2. This is a rare case where female fitness is limited
by access to mates rather than gamete production.

Polygamy - Polyandry

2. Female access polyandry:

Females do not directly defend resources essential to
males, but through interactions among themselves,
may limit access to males.

Females sometimes defend males. Female must
remain with male until the clutch is completed and
incubation begins.

Polygamy - Polyandry

Example: Phalaropes

Shorebirds that nest in wetlands, near populations of
aquatic invertebrates.

Food source very unpredictable/ephemeral so courting
areas change weekly.

Males provide all parental care -- there is no opportunity
for a stable resource defense.

The degree of polyandry in the population increases
throughout the breeding season...


Polygamy - Polyandry

Nesting failure is frequent, but the breeding season is

long, so females want multiple nesting attempts/fathers.

Males arrive asynchronously on the breeding grounds,
and females compete to entrap them.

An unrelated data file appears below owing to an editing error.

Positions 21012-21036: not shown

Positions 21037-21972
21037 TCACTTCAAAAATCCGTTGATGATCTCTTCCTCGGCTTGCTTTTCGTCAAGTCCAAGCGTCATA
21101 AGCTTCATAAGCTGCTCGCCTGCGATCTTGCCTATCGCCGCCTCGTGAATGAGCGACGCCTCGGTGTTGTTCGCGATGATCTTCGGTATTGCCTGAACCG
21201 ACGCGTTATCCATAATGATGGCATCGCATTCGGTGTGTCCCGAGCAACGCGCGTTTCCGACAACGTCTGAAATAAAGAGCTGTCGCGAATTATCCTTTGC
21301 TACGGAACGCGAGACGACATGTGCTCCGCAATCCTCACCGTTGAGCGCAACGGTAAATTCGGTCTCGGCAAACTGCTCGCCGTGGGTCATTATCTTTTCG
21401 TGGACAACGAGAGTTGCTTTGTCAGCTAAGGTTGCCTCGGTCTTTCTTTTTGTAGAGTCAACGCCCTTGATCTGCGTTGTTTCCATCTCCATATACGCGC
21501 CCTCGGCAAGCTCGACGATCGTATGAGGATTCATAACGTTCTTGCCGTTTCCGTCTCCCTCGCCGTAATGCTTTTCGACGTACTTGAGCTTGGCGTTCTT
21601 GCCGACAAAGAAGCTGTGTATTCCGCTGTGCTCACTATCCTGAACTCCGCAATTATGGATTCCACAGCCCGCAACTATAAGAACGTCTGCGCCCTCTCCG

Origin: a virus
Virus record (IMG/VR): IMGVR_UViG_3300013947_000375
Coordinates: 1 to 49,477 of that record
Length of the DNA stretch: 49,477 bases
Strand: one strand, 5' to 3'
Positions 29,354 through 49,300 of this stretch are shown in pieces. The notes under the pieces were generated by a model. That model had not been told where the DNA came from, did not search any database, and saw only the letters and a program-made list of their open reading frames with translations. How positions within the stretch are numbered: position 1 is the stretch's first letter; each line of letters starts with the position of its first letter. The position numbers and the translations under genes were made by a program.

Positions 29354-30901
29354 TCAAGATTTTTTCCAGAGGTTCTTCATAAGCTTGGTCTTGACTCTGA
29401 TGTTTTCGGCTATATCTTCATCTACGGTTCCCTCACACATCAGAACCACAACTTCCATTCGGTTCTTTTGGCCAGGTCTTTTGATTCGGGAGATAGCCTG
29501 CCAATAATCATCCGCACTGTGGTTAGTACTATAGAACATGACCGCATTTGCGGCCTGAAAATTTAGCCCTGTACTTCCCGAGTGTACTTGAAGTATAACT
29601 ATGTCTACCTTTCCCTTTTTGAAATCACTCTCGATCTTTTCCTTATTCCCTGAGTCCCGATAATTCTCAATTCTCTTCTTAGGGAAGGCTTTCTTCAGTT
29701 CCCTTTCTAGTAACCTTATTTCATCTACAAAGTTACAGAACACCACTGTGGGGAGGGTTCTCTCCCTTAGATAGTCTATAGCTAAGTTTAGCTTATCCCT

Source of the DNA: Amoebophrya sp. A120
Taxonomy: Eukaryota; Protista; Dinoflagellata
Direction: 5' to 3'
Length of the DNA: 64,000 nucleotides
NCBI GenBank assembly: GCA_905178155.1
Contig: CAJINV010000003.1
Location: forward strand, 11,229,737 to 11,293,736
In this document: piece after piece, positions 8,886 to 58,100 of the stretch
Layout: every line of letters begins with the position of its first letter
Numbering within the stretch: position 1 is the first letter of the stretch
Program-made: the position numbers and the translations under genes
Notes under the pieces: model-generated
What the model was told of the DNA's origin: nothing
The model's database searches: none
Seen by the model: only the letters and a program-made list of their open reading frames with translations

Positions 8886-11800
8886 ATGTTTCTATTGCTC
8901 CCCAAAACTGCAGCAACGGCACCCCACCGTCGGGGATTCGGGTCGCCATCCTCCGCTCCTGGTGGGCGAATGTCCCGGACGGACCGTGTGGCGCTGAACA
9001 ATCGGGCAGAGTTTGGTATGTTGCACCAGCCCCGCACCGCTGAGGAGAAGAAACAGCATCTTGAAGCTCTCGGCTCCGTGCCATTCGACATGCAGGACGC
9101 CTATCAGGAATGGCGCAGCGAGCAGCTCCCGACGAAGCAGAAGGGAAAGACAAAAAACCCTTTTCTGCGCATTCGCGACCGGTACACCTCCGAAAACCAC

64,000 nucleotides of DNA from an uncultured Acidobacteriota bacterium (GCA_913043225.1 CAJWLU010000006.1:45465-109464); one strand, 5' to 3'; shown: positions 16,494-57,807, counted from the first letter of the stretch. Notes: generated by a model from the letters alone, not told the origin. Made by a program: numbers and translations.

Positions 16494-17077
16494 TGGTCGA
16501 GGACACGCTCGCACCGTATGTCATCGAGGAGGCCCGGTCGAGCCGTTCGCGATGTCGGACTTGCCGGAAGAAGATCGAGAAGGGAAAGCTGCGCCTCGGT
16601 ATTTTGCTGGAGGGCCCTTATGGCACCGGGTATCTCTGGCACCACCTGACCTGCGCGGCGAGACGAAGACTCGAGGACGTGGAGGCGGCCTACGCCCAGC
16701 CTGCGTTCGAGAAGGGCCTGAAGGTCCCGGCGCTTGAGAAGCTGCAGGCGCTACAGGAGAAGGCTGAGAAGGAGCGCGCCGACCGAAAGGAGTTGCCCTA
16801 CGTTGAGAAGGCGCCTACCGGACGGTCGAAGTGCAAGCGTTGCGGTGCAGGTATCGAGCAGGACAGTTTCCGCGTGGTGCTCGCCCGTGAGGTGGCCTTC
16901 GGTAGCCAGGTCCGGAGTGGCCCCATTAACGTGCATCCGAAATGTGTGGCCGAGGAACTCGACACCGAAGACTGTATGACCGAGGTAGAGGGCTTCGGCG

As population density increases in the season, females
become aggressive with each other to hoard males.

Some females are prevented from mating.

(see Emlen, and Oring, 1977 for more info)

Polygamy - Polyandry

When does it make sense to move from monogamy to


In general, the extra male(s) must add something (better
genes, nest defense, etc) that outweighs the advantage of

Consider the costs where the female takes only sperm but from
multiple partners:

It takes time and energy to search for the males.

Being caught by your social partner in an extra-pair copulation
may lead to loss of parental care.

Polygamy - Polyandry

Polygamy - Polyandry

1. Fertility insurance hypothesis: Extra- pair

fertilizations could reduce the risk to a female of
having an infertile partner as a social mate.